Last week I was sitting on a train back to London from Liverpool and listening to the Goop podcast. Now before some of you switch off (my colleague James has already declared it as absolute chod), this podcast was recommended by another, very well received podcast The High Low, from journalists Dolly Alderton and Pandora Sykes.
I'm listening to the first one, which features the hugely influential Oprah where she talks about power, perception and soul purpose. Now admittedly, I'm not enjoying it as much as I thought I would. It's quite hard to listen to her speak about taking life slowly and appreciating the simple things when she has a bank account with 8 zeros on the end. Some people can't practice finding the "essence" of themselves or finding their highest sense of self when they have so many worries and responsibilities playing on their minds.
One phrase that she has said, however, "the disease to please" has really stuck with me. I think I do suffer from this and so will many, many others. While I'm not about to go and clutch my healing crystal and chant these thoughts away, I am wondering how this is affecting me. Importantly, how it's affecting my working day.
The need to please I think stems from a very simple mindset, wanting to be liked. If we are likeable, we will have lots of friends, be really happy, make more money, live a more fulfilled life.. the list goes on. But what if it's having the opposite effect? I wanted to take a minute to think about how the disease to please might be negatively affecting my work and how I can think and act to change this.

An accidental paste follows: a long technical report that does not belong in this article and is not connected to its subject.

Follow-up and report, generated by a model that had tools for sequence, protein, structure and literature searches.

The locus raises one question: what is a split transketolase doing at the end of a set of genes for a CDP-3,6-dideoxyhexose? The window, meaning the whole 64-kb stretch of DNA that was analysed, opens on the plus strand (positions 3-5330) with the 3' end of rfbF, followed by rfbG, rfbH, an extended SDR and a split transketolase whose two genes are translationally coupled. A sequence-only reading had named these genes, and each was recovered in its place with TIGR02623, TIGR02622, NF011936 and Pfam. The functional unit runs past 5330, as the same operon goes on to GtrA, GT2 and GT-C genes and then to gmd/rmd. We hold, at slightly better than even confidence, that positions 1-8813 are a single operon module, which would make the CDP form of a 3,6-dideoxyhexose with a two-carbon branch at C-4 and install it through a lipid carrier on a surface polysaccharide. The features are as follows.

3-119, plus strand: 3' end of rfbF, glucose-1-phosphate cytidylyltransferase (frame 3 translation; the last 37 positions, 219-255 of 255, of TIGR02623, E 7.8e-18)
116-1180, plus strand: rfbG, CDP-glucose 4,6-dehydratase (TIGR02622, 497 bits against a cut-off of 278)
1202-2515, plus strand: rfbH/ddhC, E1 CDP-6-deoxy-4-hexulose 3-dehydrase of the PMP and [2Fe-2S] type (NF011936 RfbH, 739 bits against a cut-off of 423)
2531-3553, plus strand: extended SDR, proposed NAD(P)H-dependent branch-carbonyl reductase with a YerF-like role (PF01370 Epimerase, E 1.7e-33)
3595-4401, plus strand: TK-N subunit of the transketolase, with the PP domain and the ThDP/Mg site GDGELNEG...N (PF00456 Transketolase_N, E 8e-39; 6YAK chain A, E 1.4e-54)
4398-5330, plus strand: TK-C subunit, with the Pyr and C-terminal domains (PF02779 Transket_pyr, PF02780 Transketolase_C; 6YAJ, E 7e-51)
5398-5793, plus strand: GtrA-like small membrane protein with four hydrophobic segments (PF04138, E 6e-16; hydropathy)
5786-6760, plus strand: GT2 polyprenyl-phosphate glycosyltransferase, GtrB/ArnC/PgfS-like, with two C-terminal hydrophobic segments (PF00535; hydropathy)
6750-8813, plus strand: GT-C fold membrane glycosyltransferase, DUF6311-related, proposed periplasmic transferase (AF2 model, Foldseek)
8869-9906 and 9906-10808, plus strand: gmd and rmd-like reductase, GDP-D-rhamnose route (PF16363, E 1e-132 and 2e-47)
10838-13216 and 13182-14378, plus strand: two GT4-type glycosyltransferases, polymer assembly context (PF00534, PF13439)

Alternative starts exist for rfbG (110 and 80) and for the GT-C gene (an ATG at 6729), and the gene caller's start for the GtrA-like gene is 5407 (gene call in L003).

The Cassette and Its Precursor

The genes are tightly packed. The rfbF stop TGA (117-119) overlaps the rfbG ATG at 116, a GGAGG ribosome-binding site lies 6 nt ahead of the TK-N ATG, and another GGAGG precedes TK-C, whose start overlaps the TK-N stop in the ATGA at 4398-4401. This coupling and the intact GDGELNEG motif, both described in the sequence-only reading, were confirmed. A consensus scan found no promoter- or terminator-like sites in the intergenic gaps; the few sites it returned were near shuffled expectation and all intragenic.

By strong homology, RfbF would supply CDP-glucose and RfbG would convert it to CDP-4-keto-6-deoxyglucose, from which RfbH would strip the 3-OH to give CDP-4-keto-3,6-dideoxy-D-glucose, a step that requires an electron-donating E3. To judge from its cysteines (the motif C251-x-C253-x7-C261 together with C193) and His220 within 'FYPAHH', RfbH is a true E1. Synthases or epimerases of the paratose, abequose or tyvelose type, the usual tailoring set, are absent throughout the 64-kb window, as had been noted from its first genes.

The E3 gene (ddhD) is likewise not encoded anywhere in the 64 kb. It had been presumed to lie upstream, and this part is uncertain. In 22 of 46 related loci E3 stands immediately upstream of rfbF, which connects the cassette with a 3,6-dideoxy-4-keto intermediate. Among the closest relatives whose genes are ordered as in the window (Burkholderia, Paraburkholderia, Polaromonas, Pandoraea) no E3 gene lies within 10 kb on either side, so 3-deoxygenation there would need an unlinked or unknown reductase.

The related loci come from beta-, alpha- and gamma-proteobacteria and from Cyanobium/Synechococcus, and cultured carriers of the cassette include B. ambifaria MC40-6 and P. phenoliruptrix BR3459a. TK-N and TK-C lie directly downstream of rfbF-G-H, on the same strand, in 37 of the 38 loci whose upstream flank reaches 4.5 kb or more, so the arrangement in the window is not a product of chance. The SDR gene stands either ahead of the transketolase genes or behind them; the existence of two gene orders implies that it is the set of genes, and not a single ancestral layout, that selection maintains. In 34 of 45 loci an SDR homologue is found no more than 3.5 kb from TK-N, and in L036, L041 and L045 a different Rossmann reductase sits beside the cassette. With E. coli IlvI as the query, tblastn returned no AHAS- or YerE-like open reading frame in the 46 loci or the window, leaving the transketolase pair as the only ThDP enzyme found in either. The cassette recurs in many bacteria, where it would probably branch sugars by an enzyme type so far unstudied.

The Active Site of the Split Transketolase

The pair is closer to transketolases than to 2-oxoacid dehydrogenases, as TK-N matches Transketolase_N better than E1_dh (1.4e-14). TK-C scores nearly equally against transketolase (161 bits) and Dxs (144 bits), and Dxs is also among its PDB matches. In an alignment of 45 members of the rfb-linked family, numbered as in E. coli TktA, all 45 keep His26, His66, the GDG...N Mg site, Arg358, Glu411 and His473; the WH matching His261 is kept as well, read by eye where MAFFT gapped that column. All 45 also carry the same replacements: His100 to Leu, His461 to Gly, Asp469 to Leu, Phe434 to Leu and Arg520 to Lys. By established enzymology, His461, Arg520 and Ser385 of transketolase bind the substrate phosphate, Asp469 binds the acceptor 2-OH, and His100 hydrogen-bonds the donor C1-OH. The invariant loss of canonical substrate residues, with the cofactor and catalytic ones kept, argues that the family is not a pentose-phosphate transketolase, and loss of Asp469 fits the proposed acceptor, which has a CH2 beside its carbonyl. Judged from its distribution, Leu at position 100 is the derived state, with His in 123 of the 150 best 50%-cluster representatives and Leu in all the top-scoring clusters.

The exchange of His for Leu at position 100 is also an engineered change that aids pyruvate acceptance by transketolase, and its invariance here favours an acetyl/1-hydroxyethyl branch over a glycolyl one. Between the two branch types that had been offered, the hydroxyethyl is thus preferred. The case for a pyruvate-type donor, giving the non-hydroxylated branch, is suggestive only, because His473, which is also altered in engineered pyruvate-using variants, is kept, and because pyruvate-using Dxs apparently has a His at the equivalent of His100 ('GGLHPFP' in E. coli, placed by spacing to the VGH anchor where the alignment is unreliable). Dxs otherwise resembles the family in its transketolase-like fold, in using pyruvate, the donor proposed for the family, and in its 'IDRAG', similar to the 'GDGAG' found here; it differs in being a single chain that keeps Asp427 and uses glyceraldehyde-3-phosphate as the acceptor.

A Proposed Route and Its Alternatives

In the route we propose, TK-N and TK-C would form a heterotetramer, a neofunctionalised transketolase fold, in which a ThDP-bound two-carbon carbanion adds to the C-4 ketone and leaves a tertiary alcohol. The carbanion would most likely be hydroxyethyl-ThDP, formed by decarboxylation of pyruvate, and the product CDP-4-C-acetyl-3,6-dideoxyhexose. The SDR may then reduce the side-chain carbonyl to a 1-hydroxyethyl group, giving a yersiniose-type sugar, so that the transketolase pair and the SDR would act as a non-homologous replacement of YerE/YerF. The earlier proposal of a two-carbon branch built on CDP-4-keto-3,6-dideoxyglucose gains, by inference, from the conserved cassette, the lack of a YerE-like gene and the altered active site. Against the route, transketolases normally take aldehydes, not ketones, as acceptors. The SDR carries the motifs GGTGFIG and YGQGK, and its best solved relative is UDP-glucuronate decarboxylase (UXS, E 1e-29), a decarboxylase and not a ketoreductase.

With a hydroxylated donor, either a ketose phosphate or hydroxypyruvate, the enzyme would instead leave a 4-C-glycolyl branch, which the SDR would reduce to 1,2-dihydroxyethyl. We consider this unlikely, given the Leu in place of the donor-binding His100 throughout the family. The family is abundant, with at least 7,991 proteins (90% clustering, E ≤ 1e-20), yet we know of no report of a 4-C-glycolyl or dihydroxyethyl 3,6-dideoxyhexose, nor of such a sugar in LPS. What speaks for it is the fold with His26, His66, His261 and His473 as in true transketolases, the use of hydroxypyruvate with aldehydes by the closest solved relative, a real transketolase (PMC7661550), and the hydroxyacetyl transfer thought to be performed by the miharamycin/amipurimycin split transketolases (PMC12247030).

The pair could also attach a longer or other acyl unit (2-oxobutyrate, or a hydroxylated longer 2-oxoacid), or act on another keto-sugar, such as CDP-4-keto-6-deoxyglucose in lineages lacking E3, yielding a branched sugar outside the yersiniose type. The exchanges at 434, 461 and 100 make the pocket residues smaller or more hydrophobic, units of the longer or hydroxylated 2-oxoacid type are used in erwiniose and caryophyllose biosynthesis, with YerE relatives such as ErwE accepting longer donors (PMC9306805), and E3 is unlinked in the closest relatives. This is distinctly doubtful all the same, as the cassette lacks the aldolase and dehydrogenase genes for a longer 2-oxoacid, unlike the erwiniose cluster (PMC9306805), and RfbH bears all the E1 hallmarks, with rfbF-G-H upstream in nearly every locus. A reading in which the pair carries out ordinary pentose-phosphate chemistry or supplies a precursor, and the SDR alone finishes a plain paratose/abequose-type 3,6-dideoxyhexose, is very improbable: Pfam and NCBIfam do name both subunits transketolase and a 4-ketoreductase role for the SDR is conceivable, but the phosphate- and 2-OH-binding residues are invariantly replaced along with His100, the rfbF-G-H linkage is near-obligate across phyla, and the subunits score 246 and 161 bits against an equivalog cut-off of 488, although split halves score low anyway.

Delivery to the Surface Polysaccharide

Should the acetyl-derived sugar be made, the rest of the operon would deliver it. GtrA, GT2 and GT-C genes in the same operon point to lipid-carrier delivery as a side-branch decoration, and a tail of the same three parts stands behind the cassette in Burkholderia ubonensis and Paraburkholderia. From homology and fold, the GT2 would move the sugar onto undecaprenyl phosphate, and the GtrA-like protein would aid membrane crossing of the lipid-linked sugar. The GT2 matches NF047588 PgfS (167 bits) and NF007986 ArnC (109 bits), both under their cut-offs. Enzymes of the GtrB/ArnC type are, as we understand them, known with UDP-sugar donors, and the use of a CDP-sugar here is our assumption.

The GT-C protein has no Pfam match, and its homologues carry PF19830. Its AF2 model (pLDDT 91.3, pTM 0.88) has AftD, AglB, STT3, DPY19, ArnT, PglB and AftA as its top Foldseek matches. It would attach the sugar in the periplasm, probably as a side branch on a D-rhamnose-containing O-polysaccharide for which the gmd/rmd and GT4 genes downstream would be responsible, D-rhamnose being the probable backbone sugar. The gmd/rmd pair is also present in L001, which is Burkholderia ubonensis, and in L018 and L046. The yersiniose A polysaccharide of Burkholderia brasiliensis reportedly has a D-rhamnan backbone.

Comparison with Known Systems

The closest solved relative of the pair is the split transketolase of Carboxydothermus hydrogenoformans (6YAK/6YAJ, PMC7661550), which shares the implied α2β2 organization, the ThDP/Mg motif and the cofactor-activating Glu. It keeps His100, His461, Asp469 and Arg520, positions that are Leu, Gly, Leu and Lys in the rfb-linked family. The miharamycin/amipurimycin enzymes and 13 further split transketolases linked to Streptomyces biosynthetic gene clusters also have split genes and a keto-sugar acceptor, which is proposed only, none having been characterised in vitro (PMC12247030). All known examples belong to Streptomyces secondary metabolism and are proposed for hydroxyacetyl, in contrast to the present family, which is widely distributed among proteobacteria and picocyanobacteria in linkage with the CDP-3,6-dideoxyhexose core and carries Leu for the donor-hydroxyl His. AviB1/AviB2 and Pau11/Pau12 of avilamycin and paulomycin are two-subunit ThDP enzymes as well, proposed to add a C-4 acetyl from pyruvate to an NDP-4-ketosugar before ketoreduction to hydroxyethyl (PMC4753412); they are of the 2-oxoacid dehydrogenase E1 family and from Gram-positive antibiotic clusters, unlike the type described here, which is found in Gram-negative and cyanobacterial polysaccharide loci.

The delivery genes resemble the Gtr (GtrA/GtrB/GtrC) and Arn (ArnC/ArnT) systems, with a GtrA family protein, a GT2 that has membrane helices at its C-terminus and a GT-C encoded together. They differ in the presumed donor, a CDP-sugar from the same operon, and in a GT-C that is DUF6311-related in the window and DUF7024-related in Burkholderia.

Initially, pleasing people may have a positive effect on your brand as you're considered helpful and likeable. But there soon becomes a grey area where I believe the need to please is taken advantage of. If you are always saying yes, people start to assume you will do things for them, go above and beyond all the time and most worryingly, see you as lower down the food chain. Doing something for someone soon becomes them delegating things to you all the time, and therefore it can be harder to be recognised.
This is pretty simple - if you say yes to doing things for others all the time, you overload yourself. You have less time to do your own things and you give other's work a higher priority. If your own work suffers as a result of pleasing others, you, in turn, will look bad in your client's eyes.
At Passle, we talk a lot about authenticity - the power one real voice has over a wave of "corporate noise". What happens then if the views and opinions you give only have one objective - to please people? If you are giving false advice and opinion then your authenticity and credibility are severely diminished. It will also make it difficult for you to give criticism (even the constructive kind) as a change in your usually people-pleasing persona will be taken in a very negative way.